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ERIC Number: ED554936
Record Type: Non-Journal
Publication Date: 2013
Pages: 298
Abstractor: As Provided
Reference Count: N/A
ISBN: 978-1-3031-6612-9
Initial Development and Validation of the Rural Competency Scale
Pusateri, Cassandra Gail
ProQuest LLC, Ph.D. Dissertation, Old Dominion University
Rurality is a term that can be used to describe rural residency and the cultural characteristics of rural individuals and areas. The counseling profession has increased its attention to culture with the development of the multicultural counseling competencies (Sue, Arredondo, & McDavis, 1992) and assessments designed to measure competency levels for providing services to diverse clientele (e.g., Kim, Cartwright, Asay, & D'Andrea, 2003; LaFromboise, Coleman, & Hernandez, 1991; Ponterotto, Gretchen, Utsey, Rieger, & Austin, 2002; Sodowsky, Taffe, Gutkin, & Wise, 1994). However, the commonly used definitions of culture as well as the instruments available to measure multicultural counseling competence do not take rurality into account. The counseling profession's current initiatives to increase the presence of counselors in rural areas (National Board for Certified Counselors [NBCC], 2010) provide evidence of an increased focus on appropriate services for rural individuals. Therefore, the purpose of this study is the development and validation of the Rural Competency Scale (RCS), a scale designed to measure counselors' competency levels for providing mental health services to rural individuals and/or in rural areas. Using an exploratory mixed methods design with sequential data collection (Creswell & Plano Clark, 2007), the scale was developed (i.e., content analysis, item development study, expert review, pilot study) and validation analyses were performed (i.e., exploratory factor, internal replication, reliability, and validity analyses). For this study, 379 counseling students and professionals completed an online survey packet consisting of the RCS, Multicultural Counseling Knowledge and Awareness Scale (MCKAS; Ponterotto et al., 2002), and a demographic information form. A four-factor model was determined to be the best model for the sample accounting for 31.11% of the total variance. Internal consistency estimates were acceptable for the RCS total scale (a = 0.87) as well as the Rural Awareness (a = 0.87), Social Desirability (a = 0.81), Rural Knowledge (a = 0.75), and Rural Skills (a = 0.86) subscales. Additionally, the RCS was significantly, positively correlated with the MCKAS (Ponterotto et al., 2002) supporting convergent validity. Although further validation analyses are needed, initial results support the use of the RCS in measuring competency levels for providing mental health services in rural areas and/or to rural individuals. [The dissertation citations contained here are published with the permission of ProQuest LLC. Further reproduction is prohibited without permission. Copies of dissertations may be obtained by Telephone (800) 1-800-521-0600. Web page:]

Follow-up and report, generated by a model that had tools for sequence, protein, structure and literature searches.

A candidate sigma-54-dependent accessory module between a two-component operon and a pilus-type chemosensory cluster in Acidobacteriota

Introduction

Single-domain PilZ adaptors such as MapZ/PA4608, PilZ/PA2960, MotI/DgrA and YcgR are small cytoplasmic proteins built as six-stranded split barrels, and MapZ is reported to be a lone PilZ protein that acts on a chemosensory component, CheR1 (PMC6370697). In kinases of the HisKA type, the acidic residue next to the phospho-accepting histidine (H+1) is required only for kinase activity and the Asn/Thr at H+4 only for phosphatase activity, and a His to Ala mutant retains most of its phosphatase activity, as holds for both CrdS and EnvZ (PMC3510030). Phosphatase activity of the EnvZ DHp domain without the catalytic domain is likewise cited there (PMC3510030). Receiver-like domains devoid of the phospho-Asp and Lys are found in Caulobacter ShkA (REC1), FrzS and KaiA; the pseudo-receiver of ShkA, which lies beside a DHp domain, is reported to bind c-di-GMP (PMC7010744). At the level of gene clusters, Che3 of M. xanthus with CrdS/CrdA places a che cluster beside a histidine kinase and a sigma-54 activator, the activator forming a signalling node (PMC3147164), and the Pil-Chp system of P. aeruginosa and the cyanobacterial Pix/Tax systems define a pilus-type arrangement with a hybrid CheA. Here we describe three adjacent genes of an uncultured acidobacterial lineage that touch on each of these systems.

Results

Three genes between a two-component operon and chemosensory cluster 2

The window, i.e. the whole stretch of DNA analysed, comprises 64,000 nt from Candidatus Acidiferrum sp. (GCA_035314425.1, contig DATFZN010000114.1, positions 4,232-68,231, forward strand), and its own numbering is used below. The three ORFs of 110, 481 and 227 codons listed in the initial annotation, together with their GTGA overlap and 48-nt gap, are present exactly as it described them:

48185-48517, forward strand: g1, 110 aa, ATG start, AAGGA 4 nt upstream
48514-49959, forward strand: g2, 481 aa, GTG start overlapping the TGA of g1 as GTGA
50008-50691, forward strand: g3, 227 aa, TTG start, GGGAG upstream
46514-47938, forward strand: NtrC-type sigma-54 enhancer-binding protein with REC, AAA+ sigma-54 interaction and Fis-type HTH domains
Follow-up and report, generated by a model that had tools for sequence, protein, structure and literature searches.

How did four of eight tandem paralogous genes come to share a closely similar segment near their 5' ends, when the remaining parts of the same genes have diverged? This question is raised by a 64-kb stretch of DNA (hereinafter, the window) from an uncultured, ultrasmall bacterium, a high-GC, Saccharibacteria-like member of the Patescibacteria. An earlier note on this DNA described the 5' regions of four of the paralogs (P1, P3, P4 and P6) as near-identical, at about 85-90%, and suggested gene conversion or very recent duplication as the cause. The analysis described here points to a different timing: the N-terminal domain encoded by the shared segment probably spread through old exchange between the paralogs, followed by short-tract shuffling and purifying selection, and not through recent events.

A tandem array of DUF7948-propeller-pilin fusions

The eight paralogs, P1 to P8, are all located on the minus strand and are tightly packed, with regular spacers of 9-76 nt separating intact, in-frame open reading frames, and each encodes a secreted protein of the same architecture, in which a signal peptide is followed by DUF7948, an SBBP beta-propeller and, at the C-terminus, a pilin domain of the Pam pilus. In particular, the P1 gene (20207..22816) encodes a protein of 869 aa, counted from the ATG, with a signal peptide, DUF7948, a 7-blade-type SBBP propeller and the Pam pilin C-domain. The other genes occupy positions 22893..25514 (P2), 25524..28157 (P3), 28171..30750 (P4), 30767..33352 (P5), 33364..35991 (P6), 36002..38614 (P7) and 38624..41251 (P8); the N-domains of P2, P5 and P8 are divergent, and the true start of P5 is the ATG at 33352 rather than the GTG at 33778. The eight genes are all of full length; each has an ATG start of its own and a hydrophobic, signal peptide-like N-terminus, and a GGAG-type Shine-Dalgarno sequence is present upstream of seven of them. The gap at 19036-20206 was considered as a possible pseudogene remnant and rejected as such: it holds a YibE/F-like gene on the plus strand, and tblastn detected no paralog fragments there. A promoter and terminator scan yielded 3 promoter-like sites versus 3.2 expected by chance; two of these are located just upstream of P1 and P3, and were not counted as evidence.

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Publication Type: Dissertations/Theses - Doctoral Dissertations
Education Level: N/A
Audience: N/A
Language: English
Sponsor: N/A
Authoring Institution: N/A